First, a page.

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Sunday, 03 July 2022, 04:26 (04:26 AM) CDT, day 184 of 2022

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  Semester Readings Summary
  General Textbook Information 
 John H. Bodley, Anthropology and Contemporary Human Problems, Sixth Edition
 Thinking, Fast and Slow, Daniel Kahneman
 Thinking, Fast and Slow, Daniel Kahneman
to see details (below) click on text image(s)

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John H. Bodley, Anthropology and Contemporary Human Problems, Sixth Edition


 John H. Bodley

 John H. Bodley
Washington State University

"We live in a time of global mega-problems of unsustainable growth and consumption, resource depletion, ecosystem degradation, global warming, escalating energy costs, poverty, and conflict. Cultural anthropologist John H. Bodley trenchantly critiques these most pressing issues and shows how anthropology makes it possible to find solutions. The focus on culture scale suggests that many solutions may be found by developing local communities supported by regional markets and ecosystems, rather than by making the continuous accumulation of financial capital the dominant cultural process throughout the world."

"Now in its sixth edition, this classic textbook continues to have tremendous relevance and is more timely than ever in light of the recent global economic crisis. It exposes readers to the problems of a world out of balance with misdirected growth by the elite. Bodley offers examples from prehistoric and modern tribal societies along side of ancient imperial and contemporary commercial societies. Students will find this to be the trusted source to build a world view. Anthropology and Contemporary Human Problems is ideal for adoption in anthropology and sociology courses on globalization, cultural ecology, social class and inequality, the environment, sustainability, and development." -- Altimira Press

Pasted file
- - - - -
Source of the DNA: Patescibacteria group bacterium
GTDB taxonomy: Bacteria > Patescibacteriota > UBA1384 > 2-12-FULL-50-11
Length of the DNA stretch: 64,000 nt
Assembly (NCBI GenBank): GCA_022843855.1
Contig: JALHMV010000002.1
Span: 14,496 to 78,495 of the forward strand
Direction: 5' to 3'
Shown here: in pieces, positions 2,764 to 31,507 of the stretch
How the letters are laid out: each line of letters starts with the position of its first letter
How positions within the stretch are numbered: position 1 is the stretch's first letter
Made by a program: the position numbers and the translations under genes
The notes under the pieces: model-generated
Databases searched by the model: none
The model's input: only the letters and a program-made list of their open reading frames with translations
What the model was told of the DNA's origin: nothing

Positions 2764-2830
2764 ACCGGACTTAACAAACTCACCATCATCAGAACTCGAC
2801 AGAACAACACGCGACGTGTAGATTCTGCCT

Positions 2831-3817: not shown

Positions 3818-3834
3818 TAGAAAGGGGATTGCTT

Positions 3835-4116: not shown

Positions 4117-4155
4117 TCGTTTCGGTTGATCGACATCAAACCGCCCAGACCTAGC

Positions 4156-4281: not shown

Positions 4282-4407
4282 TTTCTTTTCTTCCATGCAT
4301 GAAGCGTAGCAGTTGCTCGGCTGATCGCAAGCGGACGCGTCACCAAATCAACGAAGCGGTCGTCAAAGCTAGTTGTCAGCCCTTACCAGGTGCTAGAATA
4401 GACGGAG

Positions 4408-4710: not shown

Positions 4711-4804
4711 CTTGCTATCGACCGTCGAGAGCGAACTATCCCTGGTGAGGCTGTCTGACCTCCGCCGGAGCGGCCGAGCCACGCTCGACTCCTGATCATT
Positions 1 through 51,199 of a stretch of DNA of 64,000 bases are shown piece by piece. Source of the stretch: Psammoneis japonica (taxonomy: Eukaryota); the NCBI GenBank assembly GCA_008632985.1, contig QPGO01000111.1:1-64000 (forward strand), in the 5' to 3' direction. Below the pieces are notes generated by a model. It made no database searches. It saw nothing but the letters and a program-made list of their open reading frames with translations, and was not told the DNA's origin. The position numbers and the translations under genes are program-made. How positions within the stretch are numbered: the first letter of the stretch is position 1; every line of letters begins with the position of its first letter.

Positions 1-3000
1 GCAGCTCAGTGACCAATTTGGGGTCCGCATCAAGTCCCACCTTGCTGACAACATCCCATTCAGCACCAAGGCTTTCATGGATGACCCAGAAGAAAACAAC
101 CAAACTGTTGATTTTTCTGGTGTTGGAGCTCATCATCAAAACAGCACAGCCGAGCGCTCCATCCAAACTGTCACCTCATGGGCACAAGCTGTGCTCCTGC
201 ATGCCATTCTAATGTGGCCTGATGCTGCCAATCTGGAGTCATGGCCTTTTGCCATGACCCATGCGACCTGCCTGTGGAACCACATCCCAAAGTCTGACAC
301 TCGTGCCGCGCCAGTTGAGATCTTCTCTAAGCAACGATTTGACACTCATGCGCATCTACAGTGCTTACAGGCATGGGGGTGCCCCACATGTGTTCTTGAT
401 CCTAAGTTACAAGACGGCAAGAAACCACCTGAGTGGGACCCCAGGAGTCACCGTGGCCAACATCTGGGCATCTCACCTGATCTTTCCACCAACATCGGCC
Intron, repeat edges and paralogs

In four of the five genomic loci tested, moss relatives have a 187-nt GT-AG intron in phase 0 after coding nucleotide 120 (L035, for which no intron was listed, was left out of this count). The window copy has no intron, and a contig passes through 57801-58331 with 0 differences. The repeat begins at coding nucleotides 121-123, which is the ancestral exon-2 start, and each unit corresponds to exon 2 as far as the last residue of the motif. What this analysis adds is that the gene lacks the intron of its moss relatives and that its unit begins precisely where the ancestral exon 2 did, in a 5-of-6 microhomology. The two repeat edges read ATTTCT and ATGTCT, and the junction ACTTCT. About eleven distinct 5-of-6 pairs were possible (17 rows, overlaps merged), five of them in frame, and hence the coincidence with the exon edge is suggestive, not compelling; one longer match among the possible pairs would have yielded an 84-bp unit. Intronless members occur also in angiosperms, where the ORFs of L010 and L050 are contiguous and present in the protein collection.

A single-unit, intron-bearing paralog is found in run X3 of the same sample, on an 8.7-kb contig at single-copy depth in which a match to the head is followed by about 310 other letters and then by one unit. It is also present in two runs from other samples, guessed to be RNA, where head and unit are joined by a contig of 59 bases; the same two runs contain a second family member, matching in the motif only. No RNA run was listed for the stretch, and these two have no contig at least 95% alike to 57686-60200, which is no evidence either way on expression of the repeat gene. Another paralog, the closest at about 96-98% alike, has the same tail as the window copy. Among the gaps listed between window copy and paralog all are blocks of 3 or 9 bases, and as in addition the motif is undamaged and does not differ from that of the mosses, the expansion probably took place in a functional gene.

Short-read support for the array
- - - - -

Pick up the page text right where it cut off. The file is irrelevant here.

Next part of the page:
Anthropology and Contemporary Human Problems, Sixth Edition

by John H. Bodley

(Lanham, MD: Altamira Press, 2012)

ISBN-10: 0759121583
ISBN-13: 978-0759121584

Currently available online new for $45.06 ppbk., or used from $8.94

(+ s/h, but currently with "free" shipping from on orders over #25)

(3 January 2018)

Table of Contents

Ch. 1.


Anthropological Perspectives on Contemporary Human Problems

Nature and Scope of the Problems
World Scientists’ Warning to Humanity, 1992
UN Millennium Goals
Crisis Awareness and Response
Significance of Culture Scale
Uniqueness of Tribal Societies and Cultures
“Original Affluent Society”
Elite-Directed Growth: The Human Problem
Distribution of Wealth and Power
The World’s Elite-Directors: View from the Top
Elite-Direction and the Global Media: Rupert Murdoch’s News Corporation
Too Big and Failing: Elite-Direction and the Global Financial Crisis

Ch. 2.

Scale, Adaptation, and the Environmental Crisis

Cultural Transmission and Maladaptation
Scale and Cultural Evolution
Cultural Evolution and Adaptation
Nature and Scope of the Environmental Crisis
Biodiversity and the Death of the Tropical Rain Forests
Ecocide, Soviet Style
Environmental Crisis and Cultural Change
Beyond “The Limits to Growth”
Environmental Commissions: Global 2000 and Our Common Future
Roots of the Environmental Crisis
Capitalism and Ideological Roots
Unregulated Self-Interest and the Tragedy of the Commons
Land Degradation in the Mediterranean Region
Planetary Boundaries: Beyond the Earth’s Limits in the Anthropocene
Extinctions and Biodiversity: Human Nature or Culture Scale Crisis?
Tribal and Small-Scale Domestic Economies
Wealth in Tribal and Commercial Worlds
Biological Potential and Cultural Demand in the Pacific Northwest
Sociocultural Scale and the Environment
Ecological Footprints

Ch. 3.

Natural Resources and the Culture of Consumption